When To Go
In Portland and Seattle we like to say that summer begins on July 5th. It’s mostly true—or as true as anything can be in an age of rapid climate change. So if you are planning to spend your holidays in either city, and want to maximize your chances for sunshine and warm weather, July 5 through September 15 are the best months to visit.
The summers truly are splendid, and life in both cities moves outdoors as much as possible. The parks are verdant, the gardens are glorious, there are outdoor festivals galore, and you can sit outside comfortably all evening, until it gets chilly enough for a sweater. That’s the beauty of summer in Seattle and Portland—no matter how hot the day, the nights cool down (sometimes by 30 degrees) so that you need a blanket. And when it’s hot, it’s dry, not humid, because the hot air comes from the deserts east of the Cascades and flows down the Columbia Gorge and through the valleys to Portland and Seattle. The downside when it gets very warm and the winds stop blowing is inversion and air pollution. Ick.
Nobody but gardeners believe me when I tell them that Portland and Seattle actually have what is considered a Mediterranean climate. What this means is that it generally rains almost constantly in one form or another from mid-October through June, with plenty of clear days and periods of truly great weather along the way. From November through March, the temperature remains temperate, rarely dipping below freezing and usually hovering in the 40s. By April it starts warming up, though the precipitation persists, and by May and June temperatures rise to the mid-70s with (of late) sudden spikes into the 80s and even low 90s (all temperatures in Fahrenheit). Plants love this climate, and so do gardeners.
June is when Portland holds its famous Rose Festival, but I’ve often thought it should be called the Rain Festival because it always seems to rain during the two big parades. Why not celebrate what makes life out here so green?
But can I convince you to come earlier in the year? If you are a gardener, in love with the egregious excesses of spring, come to Seattle or Portland in late April through May. You will be dazzled by the exuberance of spring in the Northwest, as cherry trees burst into pink bloom; camellias open; rhododendrons, azaleas, magnolias, and dogwoods flower; and the tulip fields near Portland and Seattle rival—maybe surpass—those in Holland. Yes, the springtime weather is very changeable, and you will have rain, but you also won’t miss the floral fecundity of these two cities when spring is at its freshest and richest.
The heavenly summer weather often stretches out through September, sometimes into early October. This, too, is a fabulous time to visit because of the bounty you’ll find at the farmers markets and the cultural pleasures you’ll enjoy as the performing arts venues swing into performance mode.
As for winter—well, if you’re a skier or snowboarder, you know why winter would be a good time to come. The mountain (Mt. Hood) is generally ready to chairlift skiers up its slopes by mid-November—though I hasten to add that in recent years the snow has been arriving later and staying longer.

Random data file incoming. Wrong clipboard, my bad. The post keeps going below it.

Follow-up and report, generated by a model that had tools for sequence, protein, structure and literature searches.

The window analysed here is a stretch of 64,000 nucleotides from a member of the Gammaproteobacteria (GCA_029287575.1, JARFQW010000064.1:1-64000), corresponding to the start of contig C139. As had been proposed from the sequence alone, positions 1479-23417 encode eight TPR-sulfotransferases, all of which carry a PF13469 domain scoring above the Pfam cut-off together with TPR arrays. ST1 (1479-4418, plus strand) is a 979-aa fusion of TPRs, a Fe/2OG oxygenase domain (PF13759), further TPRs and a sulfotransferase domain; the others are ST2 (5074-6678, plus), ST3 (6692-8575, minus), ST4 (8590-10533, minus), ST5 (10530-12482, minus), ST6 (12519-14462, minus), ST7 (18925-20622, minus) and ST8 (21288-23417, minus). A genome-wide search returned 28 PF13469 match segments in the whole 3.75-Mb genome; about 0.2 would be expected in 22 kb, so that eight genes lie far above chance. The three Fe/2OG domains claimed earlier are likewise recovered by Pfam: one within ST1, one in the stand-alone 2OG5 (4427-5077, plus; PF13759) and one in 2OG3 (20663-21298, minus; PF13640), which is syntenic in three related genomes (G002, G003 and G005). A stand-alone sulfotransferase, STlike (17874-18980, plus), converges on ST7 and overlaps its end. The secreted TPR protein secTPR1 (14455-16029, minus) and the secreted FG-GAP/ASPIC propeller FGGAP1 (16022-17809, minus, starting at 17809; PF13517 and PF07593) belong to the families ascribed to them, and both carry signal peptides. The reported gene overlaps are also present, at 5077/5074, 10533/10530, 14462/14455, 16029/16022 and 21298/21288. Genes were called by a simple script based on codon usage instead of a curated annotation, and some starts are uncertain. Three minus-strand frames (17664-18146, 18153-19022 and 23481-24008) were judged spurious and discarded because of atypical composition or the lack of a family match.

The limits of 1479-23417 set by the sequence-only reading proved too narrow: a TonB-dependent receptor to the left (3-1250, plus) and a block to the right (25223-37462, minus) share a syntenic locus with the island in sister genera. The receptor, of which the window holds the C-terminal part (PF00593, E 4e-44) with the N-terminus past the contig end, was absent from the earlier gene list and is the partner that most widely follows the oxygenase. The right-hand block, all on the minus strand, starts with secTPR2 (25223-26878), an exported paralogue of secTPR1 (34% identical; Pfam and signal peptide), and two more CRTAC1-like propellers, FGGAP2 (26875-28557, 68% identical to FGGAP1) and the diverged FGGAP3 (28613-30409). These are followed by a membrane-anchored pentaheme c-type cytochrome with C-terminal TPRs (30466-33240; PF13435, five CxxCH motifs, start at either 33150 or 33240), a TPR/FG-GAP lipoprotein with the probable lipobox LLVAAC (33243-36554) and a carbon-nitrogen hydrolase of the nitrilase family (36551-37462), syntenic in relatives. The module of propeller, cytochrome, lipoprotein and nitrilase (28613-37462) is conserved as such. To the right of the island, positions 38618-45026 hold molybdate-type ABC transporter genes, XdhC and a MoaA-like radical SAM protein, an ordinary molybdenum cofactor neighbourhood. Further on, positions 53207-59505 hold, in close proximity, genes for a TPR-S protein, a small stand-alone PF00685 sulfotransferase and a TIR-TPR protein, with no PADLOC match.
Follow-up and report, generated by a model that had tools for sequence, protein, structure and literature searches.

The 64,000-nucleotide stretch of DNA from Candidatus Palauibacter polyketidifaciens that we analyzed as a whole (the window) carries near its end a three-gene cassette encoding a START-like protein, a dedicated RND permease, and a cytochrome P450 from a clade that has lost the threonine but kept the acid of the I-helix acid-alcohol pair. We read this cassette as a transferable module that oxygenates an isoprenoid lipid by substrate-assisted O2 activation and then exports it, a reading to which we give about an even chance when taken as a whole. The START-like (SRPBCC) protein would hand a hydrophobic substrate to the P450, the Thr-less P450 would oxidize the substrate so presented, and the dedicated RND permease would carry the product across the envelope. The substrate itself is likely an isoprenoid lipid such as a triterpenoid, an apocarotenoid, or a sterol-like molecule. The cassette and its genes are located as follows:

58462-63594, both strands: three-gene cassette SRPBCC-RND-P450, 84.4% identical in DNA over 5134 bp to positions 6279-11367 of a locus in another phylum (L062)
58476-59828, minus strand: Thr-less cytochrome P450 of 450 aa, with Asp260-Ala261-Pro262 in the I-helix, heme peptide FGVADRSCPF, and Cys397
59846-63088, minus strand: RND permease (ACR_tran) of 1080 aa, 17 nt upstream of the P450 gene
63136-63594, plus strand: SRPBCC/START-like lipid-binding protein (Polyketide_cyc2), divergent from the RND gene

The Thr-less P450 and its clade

Travel Portland, 701 SW Sixth Ave. (www.travelportland.com; tel. 877/678-5263 or 503/275-8355), is in Pioneer Courthouse Square in downtown Portland. Hours are Mon–Fri 8:30am–5:30pm, Sat 10am–4pm, Sun (May–Oct only) 10am–2pm. Travel Oregon (www.traveloregon.com; tel. 503/284-4620), the state tourism office, has an information desk in the baggage claim area of the Portland Airport; open daily 9am–10pm.City Layout
Portland is in northwestern Oregon at the confluence of the Columbia and Willamette rivers. (Contrary to what many people think, Portland is not on the Pacific Ocean but about 90 miles east of it.) The Willamette (pronounced will-am-met) River, spanned by eight bridges in the downtown area, cuts through the heart of Portland, dividing it into east and west. Burnside Street is the north-south boundary line, dividing the west side into northwest and southwest, and the east side into northeast and southeast. The west side rises steadily from the Willamette to about 1,000 ft. in the West Hills, while the residential east side of Portland is relatively flat, though it is punctuated here and there by the hilly remnants of several volcanoes. Just east of the city, the landscape changes to rolling hills that extend about 50 miles to the Cascade Mountains and Mount Hood, the most prominent peak in the Oregon Cascades (11,235 ft.). The Columbia River, to the north, forms the boundary between Oregon and Washington.
The Greater Metro area also includes Vancouver, Washington, just across the Columbia River to the north of Portland, although that is an entirely separate city. About 2.35-million people now live in the combined metropolitan areas, and the figure is rising by the day
I-84 (Banfield Fwy. or Expwy.) enters Portland from the east. I-205, east of the city, bypasses downtown Portland and runs past the airport. I-5 runs through the city on a north-south axis. I-405 circles around the west and south sides of downtown. U.S. 26 (Sunset Hwy.) leaves downtown heading west toward Beaverton and the coast. Ore. 217 runs south from U.S. 26 in Beaverton and connects to I-5.
Note: This information was accurate when it was published, but can change without notice. Please be sure to confirm all rates and details directly with the companies in question before planning your trip.